How Do We Practice Gracious Dialogue When Talking about COVID-19 Vaccines?


Recently my 13-year old son, Clive, had a challenging conversation with his friend, Conner (not his real name), about the COVID-19 vaccine and whether scientists can be trusted. They had spent the afternoon playing outside, doing what kids their age should be doing…having fun! However, while they were walking home from their afternoon of play, Conner asked Clive a question that led to their rather serious conversation topic.

Later that day, my son processed this conversation with me. We concluded that even though Clive and his friend didn’t change each other’s minds, it was a worthwhile engagement.  They were both able to leave the conversation with their friendship still intact.

Here’s how their conversation unfolded:

Conner: Are you getting the COVID vaccine?

Clive: Yes. I already got it. So did my whole family.

Conner: Why did you get it? 

Clive: I got it because we want to be safe, and it is a deadly virus.  

Conner: More people have died from the vaccine than COVID. 

Clive: Where did you learn that?

Conner: My mom.

Clive: Where did your mom get that information?

Conner: On Facebook and the internet.

Clive: So what makes you think the people on Facebook are more trustworthy than the scientists who worked on the vaccine? 

Conner: You can’t trust the scientists. Rich, powerful people are saying the population needs to be decreased, and they want to kill off hundreds of thousands of people. I think the scientists are working with them to make something to kill people off. They created the virus, and now they have created the vaccine to kill more people. 

Clive: Why would the scientists need to make the vaccine if the virus was already killing a lot of people off? You really shouldn’t be skeptical of the vaccine.

Conner: Oh, we aren’t just skeptical, we are absolutely not going to get it. Lots of people are getting myocarditis and dying from the vaccine (yes, he knew what myocarditis was and how to pronounce it). Like your grandma, she had a stroke because she got the vaccine. 

Clive: There’s no proof that the vaccine caused her stroke.

Conner: Well, what caused it?

Clive: Well, I’m not sure, but I do know she has high blood pressure and other health issues. You shouldn’t immediately assume the vaccine was the cause. With the huge number of people around the world who are getting the vaccine every day, there are bound to be people who have strokes during that time. It seems to be more of a coincidence. 

Conner: Those aren’t coincidences. The government and scientists are doing it. They are causing these deaths and manipulating the information about COVID just like they are manipulating the information about climate change.

Clive: Well, I want to be a scientist and study meteorology when I go to college. Would you trust me if I was a scientist?

Conner: (After a pause)…Probably not!

There was a moment of silence, and then both boys broke into laughter. They said their goodbyes and with that, Conner got on his bike, gave Clive a friendly wave, and rode away.

After my son shared this conversation with me, I wondered what I could learn from it. How could I, as an adult, have these important conversations with my friends and family who are on the opposite side of the fence, and maintain a thriving relationship despite our differences? How could I demonstrate grace in the midst of hard conversations?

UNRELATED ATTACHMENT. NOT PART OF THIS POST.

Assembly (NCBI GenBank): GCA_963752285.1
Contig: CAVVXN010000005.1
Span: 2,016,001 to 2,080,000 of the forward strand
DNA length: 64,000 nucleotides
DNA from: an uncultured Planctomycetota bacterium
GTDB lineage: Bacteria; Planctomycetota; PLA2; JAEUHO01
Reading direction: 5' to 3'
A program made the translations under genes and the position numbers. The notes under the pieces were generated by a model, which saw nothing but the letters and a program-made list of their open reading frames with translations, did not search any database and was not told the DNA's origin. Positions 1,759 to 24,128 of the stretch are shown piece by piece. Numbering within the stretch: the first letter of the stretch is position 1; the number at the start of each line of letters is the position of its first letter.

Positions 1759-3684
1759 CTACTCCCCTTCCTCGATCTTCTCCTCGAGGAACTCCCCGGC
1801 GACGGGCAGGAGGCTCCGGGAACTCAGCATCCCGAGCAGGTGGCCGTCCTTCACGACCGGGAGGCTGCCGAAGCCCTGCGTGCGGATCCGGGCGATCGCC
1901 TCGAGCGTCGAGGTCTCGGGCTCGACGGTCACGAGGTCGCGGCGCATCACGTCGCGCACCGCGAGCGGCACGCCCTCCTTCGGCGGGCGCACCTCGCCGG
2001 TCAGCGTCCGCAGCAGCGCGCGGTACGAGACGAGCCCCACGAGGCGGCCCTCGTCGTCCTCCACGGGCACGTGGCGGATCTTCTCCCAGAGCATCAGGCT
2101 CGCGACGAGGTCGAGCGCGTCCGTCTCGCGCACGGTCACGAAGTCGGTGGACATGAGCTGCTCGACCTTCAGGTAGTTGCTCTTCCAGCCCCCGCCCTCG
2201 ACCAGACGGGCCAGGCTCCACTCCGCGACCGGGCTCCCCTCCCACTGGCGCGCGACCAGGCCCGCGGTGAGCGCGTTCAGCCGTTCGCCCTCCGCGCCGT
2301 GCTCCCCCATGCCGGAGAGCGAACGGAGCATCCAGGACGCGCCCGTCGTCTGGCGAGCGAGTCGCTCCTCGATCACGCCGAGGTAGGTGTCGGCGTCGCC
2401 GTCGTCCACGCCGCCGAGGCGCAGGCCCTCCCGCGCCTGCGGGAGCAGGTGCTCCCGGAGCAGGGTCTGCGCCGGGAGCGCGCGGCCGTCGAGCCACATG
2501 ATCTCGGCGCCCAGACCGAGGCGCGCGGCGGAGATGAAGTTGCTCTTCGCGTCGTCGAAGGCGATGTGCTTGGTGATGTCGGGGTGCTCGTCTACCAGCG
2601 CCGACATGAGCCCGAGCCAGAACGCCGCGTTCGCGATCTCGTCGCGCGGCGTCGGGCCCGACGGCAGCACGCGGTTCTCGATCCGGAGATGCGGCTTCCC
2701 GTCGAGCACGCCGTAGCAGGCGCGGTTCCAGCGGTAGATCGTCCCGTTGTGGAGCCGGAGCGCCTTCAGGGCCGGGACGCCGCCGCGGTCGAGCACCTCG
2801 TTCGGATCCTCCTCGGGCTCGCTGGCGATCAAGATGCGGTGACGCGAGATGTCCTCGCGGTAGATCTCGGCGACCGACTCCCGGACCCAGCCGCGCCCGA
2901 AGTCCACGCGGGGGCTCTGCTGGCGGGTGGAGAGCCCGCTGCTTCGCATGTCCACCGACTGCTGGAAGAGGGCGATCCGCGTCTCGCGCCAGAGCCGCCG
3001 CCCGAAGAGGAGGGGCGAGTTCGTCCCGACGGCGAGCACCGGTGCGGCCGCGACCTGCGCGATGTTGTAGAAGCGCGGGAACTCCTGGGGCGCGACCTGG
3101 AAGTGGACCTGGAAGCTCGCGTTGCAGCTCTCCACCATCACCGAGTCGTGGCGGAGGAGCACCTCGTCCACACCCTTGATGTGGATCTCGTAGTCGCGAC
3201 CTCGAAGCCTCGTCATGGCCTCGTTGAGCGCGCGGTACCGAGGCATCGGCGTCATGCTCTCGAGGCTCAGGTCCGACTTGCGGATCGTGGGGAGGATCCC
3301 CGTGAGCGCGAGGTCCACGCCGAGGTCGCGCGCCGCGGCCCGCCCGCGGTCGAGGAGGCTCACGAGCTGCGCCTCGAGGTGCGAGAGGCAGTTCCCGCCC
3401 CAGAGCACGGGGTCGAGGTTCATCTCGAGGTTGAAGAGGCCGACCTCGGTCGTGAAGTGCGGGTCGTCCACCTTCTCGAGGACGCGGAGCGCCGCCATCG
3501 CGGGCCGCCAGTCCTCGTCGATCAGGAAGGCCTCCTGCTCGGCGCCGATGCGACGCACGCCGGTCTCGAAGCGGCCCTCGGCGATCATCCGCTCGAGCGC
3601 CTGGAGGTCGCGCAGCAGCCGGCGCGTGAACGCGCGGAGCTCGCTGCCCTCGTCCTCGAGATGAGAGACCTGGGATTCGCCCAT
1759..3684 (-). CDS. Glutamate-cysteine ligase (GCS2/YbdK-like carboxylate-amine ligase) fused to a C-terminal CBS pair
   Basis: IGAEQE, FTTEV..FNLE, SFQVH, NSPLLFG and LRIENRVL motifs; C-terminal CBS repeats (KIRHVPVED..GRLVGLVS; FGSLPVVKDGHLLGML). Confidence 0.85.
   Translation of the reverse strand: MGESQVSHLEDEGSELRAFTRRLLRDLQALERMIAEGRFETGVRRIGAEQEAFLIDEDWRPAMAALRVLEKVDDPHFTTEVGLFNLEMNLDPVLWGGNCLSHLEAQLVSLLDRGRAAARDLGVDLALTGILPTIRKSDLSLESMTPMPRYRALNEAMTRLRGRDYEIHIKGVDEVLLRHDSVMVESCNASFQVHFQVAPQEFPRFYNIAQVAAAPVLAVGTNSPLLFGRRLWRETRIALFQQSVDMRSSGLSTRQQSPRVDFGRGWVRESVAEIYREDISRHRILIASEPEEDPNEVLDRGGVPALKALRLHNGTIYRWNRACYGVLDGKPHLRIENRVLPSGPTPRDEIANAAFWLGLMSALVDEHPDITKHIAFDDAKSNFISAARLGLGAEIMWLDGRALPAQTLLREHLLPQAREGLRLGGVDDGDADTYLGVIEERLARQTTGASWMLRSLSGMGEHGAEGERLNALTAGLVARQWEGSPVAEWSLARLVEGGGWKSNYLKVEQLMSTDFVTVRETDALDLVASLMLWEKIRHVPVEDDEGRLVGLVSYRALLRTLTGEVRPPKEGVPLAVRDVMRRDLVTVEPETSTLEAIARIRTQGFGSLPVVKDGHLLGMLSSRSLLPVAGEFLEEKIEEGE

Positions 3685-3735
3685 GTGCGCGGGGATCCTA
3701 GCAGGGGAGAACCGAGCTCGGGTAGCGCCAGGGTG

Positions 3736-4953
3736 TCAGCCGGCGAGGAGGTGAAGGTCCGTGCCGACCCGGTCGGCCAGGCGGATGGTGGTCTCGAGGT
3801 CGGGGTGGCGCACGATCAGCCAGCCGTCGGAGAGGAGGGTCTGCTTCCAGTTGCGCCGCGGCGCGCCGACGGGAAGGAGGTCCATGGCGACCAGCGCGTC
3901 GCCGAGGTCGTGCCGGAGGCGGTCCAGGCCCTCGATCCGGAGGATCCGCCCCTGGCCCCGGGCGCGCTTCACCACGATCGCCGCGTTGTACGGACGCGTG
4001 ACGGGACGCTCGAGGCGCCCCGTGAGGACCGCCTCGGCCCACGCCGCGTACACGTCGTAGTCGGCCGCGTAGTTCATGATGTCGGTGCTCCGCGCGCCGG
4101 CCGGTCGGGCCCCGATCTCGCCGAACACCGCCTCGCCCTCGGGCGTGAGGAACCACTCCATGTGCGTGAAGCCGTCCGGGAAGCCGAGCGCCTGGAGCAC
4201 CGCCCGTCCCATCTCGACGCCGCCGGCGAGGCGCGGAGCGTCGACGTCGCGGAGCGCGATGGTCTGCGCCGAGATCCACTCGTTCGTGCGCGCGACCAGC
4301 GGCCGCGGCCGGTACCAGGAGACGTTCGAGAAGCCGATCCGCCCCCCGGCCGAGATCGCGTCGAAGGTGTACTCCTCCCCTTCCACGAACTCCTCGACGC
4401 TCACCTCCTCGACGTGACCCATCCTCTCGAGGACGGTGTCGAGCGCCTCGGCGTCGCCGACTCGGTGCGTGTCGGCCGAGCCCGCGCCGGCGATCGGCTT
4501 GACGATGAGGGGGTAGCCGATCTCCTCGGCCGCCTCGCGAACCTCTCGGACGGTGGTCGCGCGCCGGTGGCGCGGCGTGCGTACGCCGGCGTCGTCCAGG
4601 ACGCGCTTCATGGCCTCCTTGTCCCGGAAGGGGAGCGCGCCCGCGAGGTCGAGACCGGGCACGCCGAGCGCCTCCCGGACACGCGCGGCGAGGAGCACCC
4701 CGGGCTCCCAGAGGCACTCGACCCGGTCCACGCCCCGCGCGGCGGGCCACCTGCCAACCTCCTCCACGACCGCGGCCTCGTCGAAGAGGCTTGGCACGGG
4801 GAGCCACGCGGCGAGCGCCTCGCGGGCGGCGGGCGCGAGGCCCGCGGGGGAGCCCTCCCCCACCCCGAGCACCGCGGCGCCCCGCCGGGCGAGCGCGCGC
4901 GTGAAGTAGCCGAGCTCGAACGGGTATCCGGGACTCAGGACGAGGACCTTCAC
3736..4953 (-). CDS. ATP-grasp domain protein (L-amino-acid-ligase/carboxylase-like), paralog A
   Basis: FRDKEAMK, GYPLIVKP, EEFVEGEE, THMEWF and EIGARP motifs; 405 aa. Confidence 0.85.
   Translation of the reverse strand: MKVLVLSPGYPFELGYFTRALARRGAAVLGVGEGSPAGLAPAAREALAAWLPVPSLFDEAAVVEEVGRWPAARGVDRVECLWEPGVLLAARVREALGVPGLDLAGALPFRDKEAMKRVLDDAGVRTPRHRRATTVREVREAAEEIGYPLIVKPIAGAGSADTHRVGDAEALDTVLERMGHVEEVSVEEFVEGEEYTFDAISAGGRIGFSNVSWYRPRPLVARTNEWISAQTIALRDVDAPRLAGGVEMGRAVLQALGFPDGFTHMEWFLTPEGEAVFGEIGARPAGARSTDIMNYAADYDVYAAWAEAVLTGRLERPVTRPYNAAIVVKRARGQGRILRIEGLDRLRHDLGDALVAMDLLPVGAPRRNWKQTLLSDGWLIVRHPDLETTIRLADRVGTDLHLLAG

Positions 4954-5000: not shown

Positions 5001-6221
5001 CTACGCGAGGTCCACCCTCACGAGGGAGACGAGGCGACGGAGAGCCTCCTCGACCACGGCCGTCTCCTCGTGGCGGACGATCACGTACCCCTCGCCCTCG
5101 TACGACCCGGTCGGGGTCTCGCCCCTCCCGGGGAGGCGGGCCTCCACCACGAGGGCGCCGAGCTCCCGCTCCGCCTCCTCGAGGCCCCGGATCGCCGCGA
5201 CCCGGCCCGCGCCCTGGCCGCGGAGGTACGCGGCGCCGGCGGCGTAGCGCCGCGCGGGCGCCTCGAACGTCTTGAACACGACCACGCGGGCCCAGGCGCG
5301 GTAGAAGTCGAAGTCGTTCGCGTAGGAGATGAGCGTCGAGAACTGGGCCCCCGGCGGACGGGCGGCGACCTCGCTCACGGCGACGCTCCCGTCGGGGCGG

Keep having conversations with those who think differently

When we are sure that we are on the right side of an issue, it is hard not to dismiss people who think differently. We are right, they are wrong. What else is there to discuss? Engaging with others on hot-button topics like evolution, the pandemic, and racial injustice might feel too risky or lead to conflict, so in order to keep the peace and lessen our stress, we avoid these conversations altogether.

And sometimes that is the wisest choice for that particular moment. Asking God for wisdom and discernment is crucial when deciding whether or not to talk to our friends and family about politics or the COVID-19 vaccine. But I believe the avoidance mindset can contribute to the “us versus them” narrative, nurturing our own form of tribalism and isolating us from those with whom we disagree.

Asking God for wisdom and discernment is crucial when deciding whether or not to talk to our friends and family about politics or the COVID-19 vaccine.

In my own life, I have had to learn to navigate some tricky waters within my social circles. Many of my friends and extended family are unvaccinated, and because I have been open about my views on vaccination and masks, they view me as a vaccine propagandist.

However, I am compelled to continue engaging. I have personally known too many people who have died of COVID-19, so speaking the truth in love could potentially be life-saving. But what I say and how I say it is crucial to keeping a foot in the door in these relationships. If I get riled up or my pride has been pricked, I know I need to take a step back. C.S. Lewis said, “For pride is spiritual cancer: it eats up the very possibility of love, or contentment, or even common sense” (Mere Christianity).  If my pride causes me to offend someone or insult their beliefs, I have lost my opportunity to have an influence in that person’s life.

Lately, I’ve been asking myself, is what I’m saying going to build this relationship up or tear it down? Am I motivated by love and concern, or am I trying to win an argument?  At the end of the pandemic, do I still want to be friends with this person and are my words and actions demonstrating that desire?

Like my son and his friend made evident, it is not only possible to engage with someone who is on the opposite side of the fence, but sometimes necessary. And if we put our love for our brothers and sisters in Christ first and foremost, we can walk away with a friendly goodbye and the sincere desire to see each other again.


And if we put our love for our brothers and sisters in Christ first and foremost, we can walk away (from a difficult conversation) with a friendly goodbye and the sincere desire to see each other again.